alternative treatment for the end of the corridor method under the revised IAS19.
Yes. However, APB also emphasizes that one cannot simply ignore that other sources of volatility exist, and that in some
specific moments in time they may exert significant impacts in pension funds.
The maintenance of a prudential corridor, similar to the previous version of IAS19, should be subject of study, since we
believe it actually reduces volatility on own funds.
No. The end of the corridor method has an impact in countries that used mainly the deferred recognition “corridor
approach”.
No. APB believes that the qualitative data should also take into account that in certain countries, e.g. Portugal, Financial
Institutions’ Defined Benefits Pension Plans are the First Pillar of Social Security for Bank’s employees, and were
mandatory by law for decades (they were not an option to Bank’s management).
This means an unlevel playing field exists for Portuguese banks, vis‐a‐vis their European peers, where Defined Benefits
Pension Plans are a management option. Moreover, this difference in treatment is even more concerning if we consider
that a full deduction of pension fund deficits will necessarily increase the pro‐cyclicality and volatility of capital
requirements. The different countries legal pension funds framework and funding requirements should be also
considered.
As mentioned in the previous answers, each European country have its own pension fund legal framework, namely with
minimum funding requirements as, for instance, in Portugal. Therefore, other variables should be taken into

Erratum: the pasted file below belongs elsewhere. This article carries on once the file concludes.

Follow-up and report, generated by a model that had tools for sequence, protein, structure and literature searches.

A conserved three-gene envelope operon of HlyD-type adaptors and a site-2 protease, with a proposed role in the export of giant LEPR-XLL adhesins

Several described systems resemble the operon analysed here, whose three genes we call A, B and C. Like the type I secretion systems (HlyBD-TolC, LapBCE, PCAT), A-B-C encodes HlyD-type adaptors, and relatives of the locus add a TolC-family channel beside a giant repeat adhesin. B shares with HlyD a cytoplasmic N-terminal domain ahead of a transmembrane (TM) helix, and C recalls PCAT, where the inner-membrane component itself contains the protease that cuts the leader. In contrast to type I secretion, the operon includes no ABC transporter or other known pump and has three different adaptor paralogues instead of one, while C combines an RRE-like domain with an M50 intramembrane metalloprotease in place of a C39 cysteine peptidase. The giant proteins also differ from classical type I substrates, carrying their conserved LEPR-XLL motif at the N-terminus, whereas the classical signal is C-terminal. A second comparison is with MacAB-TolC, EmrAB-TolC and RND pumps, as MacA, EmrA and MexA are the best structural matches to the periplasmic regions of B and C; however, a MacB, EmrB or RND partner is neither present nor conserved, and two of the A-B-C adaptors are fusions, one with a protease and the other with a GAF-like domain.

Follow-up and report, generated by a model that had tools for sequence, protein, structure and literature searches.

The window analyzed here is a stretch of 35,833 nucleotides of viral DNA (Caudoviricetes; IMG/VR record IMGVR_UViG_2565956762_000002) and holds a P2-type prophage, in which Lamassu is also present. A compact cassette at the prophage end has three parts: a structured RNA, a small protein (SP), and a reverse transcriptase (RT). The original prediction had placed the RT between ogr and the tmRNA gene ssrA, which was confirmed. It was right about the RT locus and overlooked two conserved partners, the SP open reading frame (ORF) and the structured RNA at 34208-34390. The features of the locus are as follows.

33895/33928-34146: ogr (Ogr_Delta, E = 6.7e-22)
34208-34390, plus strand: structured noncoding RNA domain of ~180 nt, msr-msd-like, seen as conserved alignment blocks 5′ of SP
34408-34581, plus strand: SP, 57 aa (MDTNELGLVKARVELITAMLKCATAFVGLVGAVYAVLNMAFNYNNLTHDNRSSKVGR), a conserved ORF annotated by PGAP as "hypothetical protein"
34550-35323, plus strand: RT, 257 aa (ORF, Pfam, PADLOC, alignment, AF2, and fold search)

consideration. For instance, deviations on expected return of plan assets. Other quantitative impacts can also be
obtained by the new disclosures requirements of the revised IAS 19 (p.145).
The additional disclosure of sensitivity analysis of the main actuarial assumptions, for example, may be a potential source
of volatility if seen in isolation of the institution’s whole risk management strategy.
Furthermore, EBA takes the view that an almost full economic integration exists amongst Member States. Unfortunately,
that is not currently the case, nor it should be taken for granted that the situation will be corrected anytime soon.
For instance, EBA focuses on the impact of an increase of the discount interest rate, arguing that (i) it is already low and
(ii) an increase of the rate would be accompanied by the adjustment of other variables (salaries, etc) offsetting one
another.
However, in Portugal, the discount rate is relatively high when compared to its European peers, but the other actuarial
inputs are already leveled with inflation (as are in their European peers).
Therefore, if a decrease of the discount rate occurs in Portugal, impacts on pension fund liabilities could be larger than in
other countries, as the other variables may not adjust in a proportional way.
Overall conclusions:
Given that the legislation that lays down the social welfare model for bank employees in the different Member States is
not uniform, as it is also the case with the general welfare systems themselves, APB believes that some discretion needs
to be assigned to national regulators in order to implement alternative measures that will allow to reduce the volatility
and pro‐cyclicality associated with the deficits of the pension funds of bank employees.
For all the reasons stated above, APB strongly believes that a prudential filter for Defined benefits Pension Funds Assets
should continue to exist, at least for Banks with funds that correspond to the first pillar of Social Security that are/were
mandatory by national law.
Such prudential filter could be a regulatory corridor, similar to the method defined by the previous IAS19 (10% of the
Assets or from the Liabilities amount). This would reduce the volatility on own funds, a concern present in the article 519
of the CRR, and the purpose of the current EBA’s DP.
Joana Peralta
P